Taphonomic analysis of small ungulates modified by fox (Vulpes vulpes) in Southwestern Europe.
José Yravedra Sainz de los Terreros*, Miriam Andrés, Philippe Fosse, Jean Pierre Besson.
Keywords: FOX, CARNIVORES, TOOTH MARKS, TAPHONOMY, SMALL UNGULATES
[+info] VOLUME 12. ISSUE 1. 2014 (2 issue)
The interaction between humans and carnivores regarding bone modification is a frequent taphonomic phenomenon generating palimpsest where the activity of both agents is present. However, recent research has mainly been concerned with the identification of their individual action. In the case of carnivores, hyenas and felids were the most studied species, while other animals were virtually postponed in the agenda. Considering the abundance of fossil evidence of foxes in the European Pleistocene, this paper presents new data for the taphonomic characterization of fox behaviour. Thus, our interest is to improve the referential framework available for this carnivore's action aiming at its identification in the Pleistocene fossil record. Hence, we describe the analysis of two modern assemblages modified by foxes: the first one corresponds to a natural-death assemblage near Ayllón (Segovia, Spain) and the second to a den site in Ourtiaga (Pyrenées, France). In order to characterise fox action, we analyse its behaviour by means of the analysis of tooth marks and fracture patterns. Regarding the former, mark frequency, types, dimensions and distribution are considered. Finally, with the intention of discriminating fox behaviour from human action, we simulated tooth mark frequencies and distribution on a carcass which was previously fractured by humans.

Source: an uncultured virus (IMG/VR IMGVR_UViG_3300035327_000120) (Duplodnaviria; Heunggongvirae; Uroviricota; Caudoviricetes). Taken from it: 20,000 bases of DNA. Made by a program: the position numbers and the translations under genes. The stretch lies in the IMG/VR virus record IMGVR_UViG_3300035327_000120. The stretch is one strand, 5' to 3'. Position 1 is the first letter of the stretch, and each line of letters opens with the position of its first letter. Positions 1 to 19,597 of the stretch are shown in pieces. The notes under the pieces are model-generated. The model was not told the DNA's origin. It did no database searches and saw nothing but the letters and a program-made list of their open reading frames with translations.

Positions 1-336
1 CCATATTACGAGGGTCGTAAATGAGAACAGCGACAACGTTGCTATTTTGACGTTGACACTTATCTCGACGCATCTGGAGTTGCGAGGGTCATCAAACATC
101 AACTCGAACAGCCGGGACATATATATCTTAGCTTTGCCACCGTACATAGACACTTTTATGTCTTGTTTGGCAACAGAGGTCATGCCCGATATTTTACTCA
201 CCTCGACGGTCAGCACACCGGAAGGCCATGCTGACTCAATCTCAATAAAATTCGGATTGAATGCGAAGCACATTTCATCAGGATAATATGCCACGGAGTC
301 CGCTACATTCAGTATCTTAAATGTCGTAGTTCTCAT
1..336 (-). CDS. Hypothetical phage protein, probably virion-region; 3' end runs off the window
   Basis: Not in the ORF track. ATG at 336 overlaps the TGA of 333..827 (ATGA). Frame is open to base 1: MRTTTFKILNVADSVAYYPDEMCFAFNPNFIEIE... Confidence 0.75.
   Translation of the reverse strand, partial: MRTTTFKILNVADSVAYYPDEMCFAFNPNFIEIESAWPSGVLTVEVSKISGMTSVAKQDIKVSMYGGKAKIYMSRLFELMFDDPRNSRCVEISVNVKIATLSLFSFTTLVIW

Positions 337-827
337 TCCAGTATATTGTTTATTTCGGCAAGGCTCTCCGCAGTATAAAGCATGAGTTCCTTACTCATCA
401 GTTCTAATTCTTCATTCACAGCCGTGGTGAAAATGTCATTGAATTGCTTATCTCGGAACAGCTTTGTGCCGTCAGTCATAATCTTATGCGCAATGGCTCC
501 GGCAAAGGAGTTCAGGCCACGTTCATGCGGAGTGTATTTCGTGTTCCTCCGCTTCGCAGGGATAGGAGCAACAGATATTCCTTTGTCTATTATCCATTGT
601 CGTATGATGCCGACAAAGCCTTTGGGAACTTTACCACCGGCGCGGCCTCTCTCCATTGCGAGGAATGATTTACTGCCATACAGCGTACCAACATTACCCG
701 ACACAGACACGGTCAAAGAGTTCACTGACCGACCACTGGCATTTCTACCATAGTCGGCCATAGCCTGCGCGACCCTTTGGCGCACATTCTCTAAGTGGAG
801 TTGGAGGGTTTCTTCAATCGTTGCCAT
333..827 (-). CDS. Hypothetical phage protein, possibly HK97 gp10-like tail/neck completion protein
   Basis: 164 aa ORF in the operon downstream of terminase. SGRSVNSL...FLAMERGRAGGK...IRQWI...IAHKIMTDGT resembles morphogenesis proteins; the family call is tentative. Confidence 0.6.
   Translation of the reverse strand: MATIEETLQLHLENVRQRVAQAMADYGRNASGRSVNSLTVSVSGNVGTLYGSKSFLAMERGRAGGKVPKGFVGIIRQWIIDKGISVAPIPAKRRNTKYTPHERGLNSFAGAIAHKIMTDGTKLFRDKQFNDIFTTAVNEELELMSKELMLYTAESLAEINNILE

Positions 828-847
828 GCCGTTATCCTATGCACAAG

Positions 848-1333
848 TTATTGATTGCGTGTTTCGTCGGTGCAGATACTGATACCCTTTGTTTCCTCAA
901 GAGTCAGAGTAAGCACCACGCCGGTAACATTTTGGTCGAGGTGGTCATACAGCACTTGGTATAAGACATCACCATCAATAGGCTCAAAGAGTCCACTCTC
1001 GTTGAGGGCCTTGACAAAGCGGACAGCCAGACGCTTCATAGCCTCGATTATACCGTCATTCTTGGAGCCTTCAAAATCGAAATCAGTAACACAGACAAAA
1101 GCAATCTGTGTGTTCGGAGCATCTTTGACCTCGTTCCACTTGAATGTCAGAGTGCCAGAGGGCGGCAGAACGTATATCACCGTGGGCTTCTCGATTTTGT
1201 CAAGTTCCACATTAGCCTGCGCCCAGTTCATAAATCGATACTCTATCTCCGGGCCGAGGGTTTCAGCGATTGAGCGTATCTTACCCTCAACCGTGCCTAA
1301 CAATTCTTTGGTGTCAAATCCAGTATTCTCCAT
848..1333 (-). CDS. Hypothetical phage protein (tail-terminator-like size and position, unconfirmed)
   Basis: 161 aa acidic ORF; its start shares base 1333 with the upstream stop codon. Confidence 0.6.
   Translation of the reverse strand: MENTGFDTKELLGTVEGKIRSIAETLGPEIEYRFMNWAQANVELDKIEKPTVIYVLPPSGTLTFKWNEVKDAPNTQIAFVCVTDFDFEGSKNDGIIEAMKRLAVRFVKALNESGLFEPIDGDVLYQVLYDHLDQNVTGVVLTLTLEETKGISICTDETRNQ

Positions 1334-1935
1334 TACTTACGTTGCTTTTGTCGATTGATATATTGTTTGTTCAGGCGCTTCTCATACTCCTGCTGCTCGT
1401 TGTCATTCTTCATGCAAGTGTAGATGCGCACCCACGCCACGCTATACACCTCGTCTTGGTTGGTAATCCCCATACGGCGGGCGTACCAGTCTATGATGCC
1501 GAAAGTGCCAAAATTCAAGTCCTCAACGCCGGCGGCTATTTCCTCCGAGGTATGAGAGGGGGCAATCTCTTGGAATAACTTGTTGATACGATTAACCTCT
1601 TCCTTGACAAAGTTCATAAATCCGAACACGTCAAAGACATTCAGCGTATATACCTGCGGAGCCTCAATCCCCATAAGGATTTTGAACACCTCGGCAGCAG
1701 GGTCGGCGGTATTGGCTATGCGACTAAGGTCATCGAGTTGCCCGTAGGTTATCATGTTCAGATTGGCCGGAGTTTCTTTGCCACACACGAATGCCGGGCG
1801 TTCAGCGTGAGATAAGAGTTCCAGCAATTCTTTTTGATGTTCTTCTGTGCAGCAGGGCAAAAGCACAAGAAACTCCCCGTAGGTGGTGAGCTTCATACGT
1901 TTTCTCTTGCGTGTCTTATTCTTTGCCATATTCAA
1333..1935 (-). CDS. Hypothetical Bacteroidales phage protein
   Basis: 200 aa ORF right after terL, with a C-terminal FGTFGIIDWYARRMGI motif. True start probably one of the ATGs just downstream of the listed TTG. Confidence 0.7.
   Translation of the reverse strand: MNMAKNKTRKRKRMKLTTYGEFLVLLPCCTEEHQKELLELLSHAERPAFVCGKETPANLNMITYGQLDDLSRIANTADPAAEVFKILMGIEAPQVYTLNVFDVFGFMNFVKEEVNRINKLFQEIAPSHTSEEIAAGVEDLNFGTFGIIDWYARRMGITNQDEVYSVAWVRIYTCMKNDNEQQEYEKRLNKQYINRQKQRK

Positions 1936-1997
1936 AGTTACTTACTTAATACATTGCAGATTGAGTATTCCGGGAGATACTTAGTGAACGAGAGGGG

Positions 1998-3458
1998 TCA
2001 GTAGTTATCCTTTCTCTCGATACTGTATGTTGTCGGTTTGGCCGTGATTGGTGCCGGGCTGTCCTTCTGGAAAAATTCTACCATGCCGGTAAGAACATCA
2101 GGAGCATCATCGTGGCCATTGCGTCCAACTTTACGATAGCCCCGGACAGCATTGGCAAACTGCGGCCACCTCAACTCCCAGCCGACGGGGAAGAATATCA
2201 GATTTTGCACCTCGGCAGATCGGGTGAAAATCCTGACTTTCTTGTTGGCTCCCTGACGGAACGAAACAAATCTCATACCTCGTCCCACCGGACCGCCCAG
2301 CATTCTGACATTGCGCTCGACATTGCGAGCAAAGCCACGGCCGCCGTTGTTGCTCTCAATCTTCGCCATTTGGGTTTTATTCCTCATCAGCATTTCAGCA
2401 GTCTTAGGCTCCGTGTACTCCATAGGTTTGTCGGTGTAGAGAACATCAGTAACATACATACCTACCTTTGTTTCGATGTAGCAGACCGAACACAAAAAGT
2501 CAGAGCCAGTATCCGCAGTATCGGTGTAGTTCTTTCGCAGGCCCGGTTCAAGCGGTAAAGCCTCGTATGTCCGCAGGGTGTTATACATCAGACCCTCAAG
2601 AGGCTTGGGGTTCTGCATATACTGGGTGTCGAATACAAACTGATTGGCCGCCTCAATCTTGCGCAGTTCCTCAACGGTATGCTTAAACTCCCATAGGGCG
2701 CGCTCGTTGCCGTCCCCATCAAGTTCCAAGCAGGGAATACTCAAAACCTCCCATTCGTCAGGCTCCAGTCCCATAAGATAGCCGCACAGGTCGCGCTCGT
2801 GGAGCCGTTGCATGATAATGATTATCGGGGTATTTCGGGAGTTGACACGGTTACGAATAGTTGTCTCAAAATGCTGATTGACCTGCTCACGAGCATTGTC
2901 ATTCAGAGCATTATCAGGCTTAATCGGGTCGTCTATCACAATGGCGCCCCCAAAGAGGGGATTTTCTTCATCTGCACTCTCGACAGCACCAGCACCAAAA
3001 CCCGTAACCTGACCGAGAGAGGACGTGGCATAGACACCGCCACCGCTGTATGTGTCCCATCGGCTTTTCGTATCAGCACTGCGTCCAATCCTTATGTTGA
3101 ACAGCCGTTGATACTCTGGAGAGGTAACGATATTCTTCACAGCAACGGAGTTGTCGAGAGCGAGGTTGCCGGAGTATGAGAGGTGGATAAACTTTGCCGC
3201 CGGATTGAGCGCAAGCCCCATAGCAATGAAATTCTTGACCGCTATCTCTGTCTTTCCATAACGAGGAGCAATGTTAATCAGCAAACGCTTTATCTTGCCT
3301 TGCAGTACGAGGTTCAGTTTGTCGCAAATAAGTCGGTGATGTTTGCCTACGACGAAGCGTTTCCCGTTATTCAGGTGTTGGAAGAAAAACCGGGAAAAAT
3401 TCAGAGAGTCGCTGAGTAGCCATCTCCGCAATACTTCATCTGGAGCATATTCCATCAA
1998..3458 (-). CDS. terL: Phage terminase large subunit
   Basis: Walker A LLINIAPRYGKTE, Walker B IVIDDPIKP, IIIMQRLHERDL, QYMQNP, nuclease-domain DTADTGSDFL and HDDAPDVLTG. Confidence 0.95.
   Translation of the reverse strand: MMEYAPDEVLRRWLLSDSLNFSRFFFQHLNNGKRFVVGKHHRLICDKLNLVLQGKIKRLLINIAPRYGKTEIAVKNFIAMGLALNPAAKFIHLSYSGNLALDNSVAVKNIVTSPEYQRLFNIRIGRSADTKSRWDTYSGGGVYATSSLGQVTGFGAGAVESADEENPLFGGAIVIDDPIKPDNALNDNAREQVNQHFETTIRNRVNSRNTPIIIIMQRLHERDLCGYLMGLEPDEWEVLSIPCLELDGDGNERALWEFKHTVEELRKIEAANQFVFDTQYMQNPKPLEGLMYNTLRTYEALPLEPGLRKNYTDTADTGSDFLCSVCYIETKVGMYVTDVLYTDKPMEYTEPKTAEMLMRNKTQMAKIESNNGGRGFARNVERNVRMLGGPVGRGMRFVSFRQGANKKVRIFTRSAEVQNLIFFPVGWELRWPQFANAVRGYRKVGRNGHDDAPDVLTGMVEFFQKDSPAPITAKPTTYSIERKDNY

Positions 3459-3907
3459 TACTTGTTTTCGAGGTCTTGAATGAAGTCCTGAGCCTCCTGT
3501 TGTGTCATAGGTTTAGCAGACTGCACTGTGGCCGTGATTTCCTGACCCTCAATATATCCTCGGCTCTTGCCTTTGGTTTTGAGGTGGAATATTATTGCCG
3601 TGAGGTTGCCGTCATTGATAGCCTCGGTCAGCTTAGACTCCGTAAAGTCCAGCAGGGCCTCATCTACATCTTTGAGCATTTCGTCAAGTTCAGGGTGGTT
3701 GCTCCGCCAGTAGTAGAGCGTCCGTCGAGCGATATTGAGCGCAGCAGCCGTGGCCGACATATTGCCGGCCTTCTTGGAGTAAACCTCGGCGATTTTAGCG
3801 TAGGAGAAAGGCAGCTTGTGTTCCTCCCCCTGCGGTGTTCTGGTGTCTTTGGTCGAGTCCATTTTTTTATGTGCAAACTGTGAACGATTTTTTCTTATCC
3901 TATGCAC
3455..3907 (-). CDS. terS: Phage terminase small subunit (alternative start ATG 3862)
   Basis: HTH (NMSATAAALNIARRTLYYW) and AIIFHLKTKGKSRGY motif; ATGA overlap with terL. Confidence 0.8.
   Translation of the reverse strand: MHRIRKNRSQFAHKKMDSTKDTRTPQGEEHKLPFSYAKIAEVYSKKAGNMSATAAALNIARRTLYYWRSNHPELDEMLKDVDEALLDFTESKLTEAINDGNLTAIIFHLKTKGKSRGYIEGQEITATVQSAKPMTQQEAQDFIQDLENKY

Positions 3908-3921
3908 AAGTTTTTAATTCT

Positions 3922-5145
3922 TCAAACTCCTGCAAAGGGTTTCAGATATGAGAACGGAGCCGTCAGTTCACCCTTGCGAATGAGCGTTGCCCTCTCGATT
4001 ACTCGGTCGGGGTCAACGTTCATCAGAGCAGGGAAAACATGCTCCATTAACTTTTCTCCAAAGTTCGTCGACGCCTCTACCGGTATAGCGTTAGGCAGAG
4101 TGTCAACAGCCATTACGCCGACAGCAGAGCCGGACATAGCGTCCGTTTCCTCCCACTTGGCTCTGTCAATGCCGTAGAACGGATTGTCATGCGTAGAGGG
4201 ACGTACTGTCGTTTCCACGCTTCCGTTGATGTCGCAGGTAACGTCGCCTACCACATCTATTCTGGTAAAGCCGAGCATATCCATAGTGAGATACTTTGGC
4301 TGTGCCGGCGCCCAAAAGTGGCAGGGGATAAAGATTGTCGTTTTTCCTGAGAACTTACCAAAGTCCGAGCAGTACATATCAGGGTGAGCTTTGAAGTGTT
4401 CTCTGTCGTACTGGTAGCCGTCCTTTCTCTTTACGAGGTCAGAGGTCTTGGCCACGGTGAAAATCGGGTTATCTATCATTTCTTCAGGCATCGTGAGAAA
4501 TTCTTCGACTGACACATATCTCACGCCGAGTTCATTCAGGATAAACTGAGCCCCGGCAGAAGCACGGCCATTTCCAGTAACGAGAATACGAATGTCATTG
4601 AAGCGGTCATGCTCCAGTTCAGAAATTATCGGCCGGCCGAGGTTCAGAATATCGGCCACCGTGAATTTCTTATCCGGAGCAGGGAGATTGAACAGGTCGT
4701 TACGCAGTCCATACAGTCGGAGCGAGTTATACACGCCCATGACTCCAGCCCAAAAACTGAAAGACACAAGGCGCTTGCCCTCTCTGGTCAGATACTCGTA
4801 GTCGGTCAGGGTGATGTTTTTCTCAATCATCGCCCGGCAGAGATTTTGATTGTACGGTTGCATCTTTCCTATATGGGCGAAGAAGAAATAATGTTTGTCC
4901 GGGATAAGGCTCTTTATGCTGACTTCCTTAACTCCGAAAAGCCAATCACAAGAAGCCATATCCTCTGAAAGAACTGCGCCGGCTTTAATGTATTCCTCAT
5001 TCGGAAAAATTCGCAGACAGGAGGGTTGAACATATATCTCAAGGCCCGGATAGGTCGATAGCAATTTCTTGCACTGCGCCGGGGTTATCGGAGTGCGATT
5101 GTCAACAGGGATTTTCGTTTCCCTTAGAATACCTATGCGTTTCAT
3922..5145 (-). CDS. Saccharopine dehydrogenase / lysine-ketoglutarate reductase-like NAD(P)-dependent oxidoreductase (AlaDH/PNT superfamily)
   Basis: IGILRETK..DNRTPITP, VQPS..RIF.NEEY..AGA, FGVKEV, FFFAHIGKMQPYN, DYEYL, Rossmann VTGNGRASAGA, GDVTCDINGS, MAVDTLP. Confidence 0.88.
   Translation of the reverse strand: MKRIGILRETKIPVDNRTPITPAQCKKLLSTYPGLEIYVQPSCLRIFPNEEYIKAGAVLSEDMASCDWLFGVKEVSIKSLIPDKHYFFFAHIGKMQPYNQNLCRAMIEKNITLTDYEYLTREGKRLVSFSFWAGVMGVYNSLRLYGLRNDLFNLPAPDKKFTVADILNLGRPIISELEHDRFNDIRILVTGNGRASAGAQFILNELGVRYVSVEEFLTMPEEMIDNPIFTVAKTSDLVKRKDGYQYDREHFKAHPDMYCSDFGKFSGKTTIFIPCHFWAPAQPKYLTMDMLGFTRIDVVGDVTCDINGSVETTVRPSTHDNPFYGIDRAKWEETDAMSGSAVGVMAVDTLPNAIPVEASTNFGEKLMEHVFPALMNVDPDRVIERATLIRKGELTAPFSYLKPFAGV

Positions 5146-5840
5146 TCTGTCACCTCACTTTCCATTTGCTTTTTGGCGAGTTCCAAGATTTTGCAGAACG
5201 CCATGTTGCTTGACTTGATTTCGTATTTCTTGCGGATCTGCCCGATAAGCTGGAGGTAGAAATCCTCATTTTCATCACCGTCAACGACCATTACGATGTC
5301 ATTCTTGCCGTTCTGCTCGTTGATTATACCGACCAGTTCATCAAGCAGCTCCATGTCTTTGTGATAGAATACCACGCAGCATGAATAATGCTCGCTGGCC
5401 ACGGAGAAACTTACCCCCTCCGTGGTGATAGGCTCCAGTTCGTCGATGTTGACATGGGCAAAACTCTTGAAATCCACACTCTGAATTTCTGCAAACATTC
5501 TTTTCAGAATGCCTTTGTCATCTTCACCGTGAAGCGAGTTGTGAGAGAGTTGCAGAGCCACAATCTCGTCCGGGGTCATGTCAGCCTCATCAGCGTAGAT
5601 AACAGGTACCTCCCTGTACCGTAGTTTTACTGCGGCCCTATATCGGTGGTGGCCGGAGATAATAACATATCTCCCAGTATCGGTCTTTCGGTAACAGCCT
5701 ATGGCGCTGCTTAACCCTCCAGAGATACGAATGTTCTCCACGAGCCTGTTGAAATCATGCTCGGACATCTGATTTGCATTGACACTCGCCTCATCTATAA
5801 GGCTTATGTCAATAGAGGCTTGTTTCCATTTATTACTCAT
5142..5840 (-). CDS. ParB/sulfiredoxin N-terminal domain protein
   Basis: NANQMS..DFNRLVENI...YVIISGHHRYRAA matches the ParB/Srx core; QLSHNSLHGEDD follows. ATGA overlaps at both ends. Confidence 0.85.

Taphonomy of a fish accumulation by the European Otter (Lutra lutra) in central France.
Emilie Guillaud, Philippe Béarez, Christiane Denys, Stéphane Raimond.
Keywords: OTTER, PREDATOR, DIGESTION, SPRAINTS, FISH BONES, TAPHONOMY
[+info] VOLUME 12. ISSUE 1. 2014 (3 issue)
Fish remains are abundant and easily recognizable in many archaeological sites. But, the origin of such assemblages is generally poorly known. However, the ability to create small fish bone accumulations is restricted to a small number of predators (including raptors, carnivores, and humans). In order to recognize the agents responsible for these concentrations in archaeological sites, we have investigated the taphonomy of the fish remains from otter spraints to determine the potential role of otters in the formation of fossil assemblages. Currently, few data are available to characterize the accumulation of otter remains in natural or archaeological sites. We analyzed a collection of 29 otter spraints from Bugeat (Corrèze) in central France. We identified the remains of nine fish species including, brown trout ((Salmo trutta, Salmonidae), perch (Perca fluviatilis, Percidae), pumpkinseed (Lepomis gibbosus, Centrarchidae), and several Cyprinidae, rudd (Scardinius erythrophthalmus), minnow (Phoxinus phoxinus), bullhead (Cottus gobio) and the indeterminate pair chub/dace (Squalius cephalus/Leuciscus leuciscus). The species and the body parts present, along with the reconstruction of the fish weight and observations of any modifications, such as deformation, rounding and polishing, give us insight into otter prey categories and their transformation after digestion. Among the ca. 200 bones constituting the whole fish skeleton, only between 6 and 39 bones survived according the different species. Cyprinids display a high moderate digestion grade and seems to be the taxon most affected by digestion (64.67%). Based on surface modifications, such as breakage and digestion traces, as well as bone element representation, we produced a set of criteria as a new tool to be applied to the fossil record.